AP: Protesters return to the streets as President Trump decries ‘lowlifes’
1 year ago Web Desk 0
But most protests passed peacefully, and while there were scattered reports of looting in New York City, the country appeared calmer by late Tuesday than it did a day earlier, when violence swept through multiple cities.
The president, meanwhile, amplified his hard-line calls from Monday, when he threatened to send in the military to restore order if governors didn’t do it.
One day after a crackdown on peaceful protesters near the White House, thousands of demonstrators massed a block away from the presidential mansion, facing law enforcement personnel standing behind a black chain-link fence. The fence was put up overnight to block access to Lafayette Park, just across the street from the White House.
The crowd remained in place after the city’s 7 p.m. curfew passed, defying warnings that the response from law enforcement could be even more forceful. But the protest lacked the tension of the previous nights’ demonstrations. The crowd Tuesday was peaceful, even polite. At one point, the crowd booed when a protester climbed a light post and took down a street sign. A chant went up: “Peaceful protest!”
On Monday, law enforcement officers on foot and horseback aggressively drove protesters away from Lafayette Park, clearing the way for President Donald Trump to do a photo op at nearby St. John’s Church. On Tuesday, pastors at the church prayed with demonstrators and handed out water bottles.
Protests ranged across the U.S., including in Los Angeles, Miami, St. Paul, Minnesota, Columbia, South Carolina, and Houston, where the police chief talked to peaceful demonstrators, vowing reforms.
More than 20,000 National Guard members have reportedly been called up in 29 states to deal with the violence. New York is not among them, and de Blasio has said he does not want the Guard.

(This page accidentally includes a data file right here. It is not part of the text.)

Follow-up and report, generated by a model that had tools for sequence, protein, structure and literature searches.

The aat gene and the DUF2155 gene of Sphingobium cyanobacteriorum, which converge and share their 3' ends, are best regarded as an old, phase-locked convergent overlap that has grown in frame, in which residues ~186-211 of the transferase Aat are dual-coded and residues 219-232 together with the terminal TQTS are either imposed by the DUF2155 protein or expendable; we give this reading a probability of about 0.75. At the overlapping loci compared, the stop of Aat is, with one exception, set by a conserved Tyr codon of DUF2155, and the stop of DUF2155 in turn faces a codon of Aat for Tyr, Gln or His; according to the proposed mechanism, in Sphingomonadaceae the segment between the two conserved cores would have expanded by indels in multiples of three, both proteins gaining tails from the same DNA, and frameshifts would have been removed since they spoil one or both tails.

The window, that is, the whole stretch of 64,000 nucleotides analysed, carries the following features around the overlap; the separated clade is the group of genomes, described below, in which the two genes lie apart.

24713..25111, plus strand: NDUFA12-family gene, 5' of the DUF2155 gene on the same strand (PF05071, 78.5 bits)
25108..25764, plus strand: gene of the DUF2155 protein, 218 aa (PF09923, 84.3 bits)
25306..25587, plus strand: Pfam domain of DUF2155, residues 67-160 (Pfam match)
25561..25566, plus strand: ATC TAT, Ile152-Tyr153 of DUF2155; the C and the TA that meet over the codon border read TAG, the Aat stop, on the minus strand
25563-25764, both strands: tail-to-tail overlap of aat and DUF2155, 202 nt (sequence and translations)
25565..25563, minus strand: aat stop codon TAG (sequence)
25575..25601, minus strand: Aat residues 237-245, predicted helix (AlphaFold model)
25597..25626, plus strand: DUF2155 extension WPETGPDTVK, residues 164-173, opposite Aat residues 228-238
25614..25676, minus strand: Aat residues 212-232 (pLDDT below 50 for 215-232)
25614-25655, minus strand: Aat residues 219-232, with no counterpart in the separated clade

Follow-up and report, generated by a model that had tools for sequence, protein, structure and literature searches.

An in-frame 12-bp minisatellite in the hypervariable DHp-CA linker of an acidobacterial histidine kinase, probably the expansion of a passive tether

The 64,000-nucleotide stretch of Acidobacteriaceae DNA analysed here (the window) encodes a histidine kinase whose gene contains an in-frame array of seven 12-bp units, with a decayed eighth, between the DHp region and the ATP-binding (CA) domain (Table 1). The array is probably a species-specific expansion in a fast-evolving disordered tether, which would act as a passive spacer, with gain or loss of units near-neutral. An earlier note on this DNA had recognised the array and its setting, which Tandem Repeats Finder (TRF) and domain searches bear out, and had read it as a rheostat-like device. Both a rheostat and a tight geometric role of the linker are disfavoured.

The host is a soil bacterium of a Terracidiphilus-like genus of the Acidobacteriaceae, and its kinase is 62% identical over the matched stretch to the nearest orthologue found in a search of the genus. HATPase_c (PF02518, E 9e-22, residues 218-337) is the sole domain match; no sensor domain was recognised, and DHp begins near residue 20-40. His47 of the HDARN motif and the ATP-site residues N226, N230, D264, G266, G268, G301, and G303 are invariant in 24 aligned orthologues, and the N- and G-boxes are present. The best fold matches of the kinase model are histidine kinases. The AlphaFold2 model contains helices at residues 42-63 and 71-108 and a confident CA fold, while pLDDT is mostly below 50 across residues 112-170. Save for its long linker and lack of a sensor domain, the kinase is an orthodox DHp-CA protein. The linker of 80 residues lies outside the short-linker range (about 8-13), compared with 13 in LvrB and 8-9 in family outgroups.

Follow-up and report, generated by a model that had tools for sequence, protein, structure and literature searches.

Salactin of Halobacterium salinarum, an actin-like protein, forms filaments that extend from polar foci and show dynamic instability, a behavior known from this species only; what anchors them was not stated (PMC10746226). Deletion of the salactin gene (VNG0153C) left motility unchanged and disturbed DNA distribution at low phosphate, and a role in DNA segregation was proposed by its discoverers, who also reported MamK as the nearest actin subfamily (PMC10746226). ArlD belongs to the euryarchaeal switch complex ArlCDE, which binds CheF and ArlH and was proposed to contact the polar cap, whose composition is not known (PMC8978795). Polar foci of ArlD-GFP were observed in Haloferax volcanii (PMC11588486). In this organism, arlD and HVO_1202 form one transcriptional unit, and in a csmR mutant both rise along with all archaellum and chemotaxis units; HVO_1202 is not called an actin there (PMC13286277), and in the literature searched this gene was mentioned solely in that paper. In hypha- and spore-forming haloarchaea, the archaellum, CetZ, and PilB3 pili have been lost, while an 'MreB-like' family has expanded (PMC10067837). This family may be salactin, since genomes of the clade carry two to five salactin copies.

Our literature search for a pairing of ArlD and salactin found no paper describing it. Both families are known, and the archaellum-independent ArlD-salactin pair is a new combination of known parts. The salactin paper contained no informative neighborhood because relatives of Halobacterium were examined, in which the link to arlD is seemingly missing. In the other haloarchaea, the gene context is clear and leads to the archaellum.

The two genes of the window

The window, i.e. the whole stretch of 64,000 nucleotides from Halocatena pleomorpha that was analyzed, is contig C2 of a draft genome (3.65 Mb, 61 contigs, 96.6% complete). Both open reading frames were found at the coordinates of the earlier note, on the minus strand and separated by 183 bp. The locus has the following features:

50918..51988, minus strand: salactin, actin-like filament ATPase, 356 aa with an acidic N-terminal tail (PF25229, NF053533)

Tuesday marked the eighth straight night of the protests, which began in Minneapolis, where Floyd died, and quickly spread across the country.
The Associated Press reported yesterday that among the victims of the unrest was a retired St. Louis police captain checking on his friend’s shop. Another was the beloved owner of a Louisville barbecue restaurant who provided free meals to officers. Yet another was a man known as “Mr. Indianapolis,” a former star football player.
They are among those killed as protests have roiled American cities in the week since the death of George Floyd, a black man who pleaded for air as a white Minneapolis officer jammed a knee into his neck, The Associated Press said.
The deaths, as well as widespread peaceful protests, have reportedly at times been overshadowed by the shocking images of heavy-handed police tactics, vandalism and arson. Dozens have been injured in the chaos.
Many of the people killed were African Americans, compounding the tragedy for black communities.
Nearly 8,000 people nationwide have been arrested, according to a count by The Associated Press.
Meanwhile, the BBC says Washington’s Catholic archbishop has strongly criticized President Donald Trump’s visit to a shrine as civil unrest continues in the US over the death of a black man in police custody.
Tuesday’s visit “manipulated” the Saint John Paul II National Shrine, Archbishop Wilton D Gregory said.
The archbishop reportedly also condemned the forceful clearing of protesters outside the White House on Monday to allow Mr. Trump to visit a church where he held a Bible in front of gathered media.
Source: Asia Plus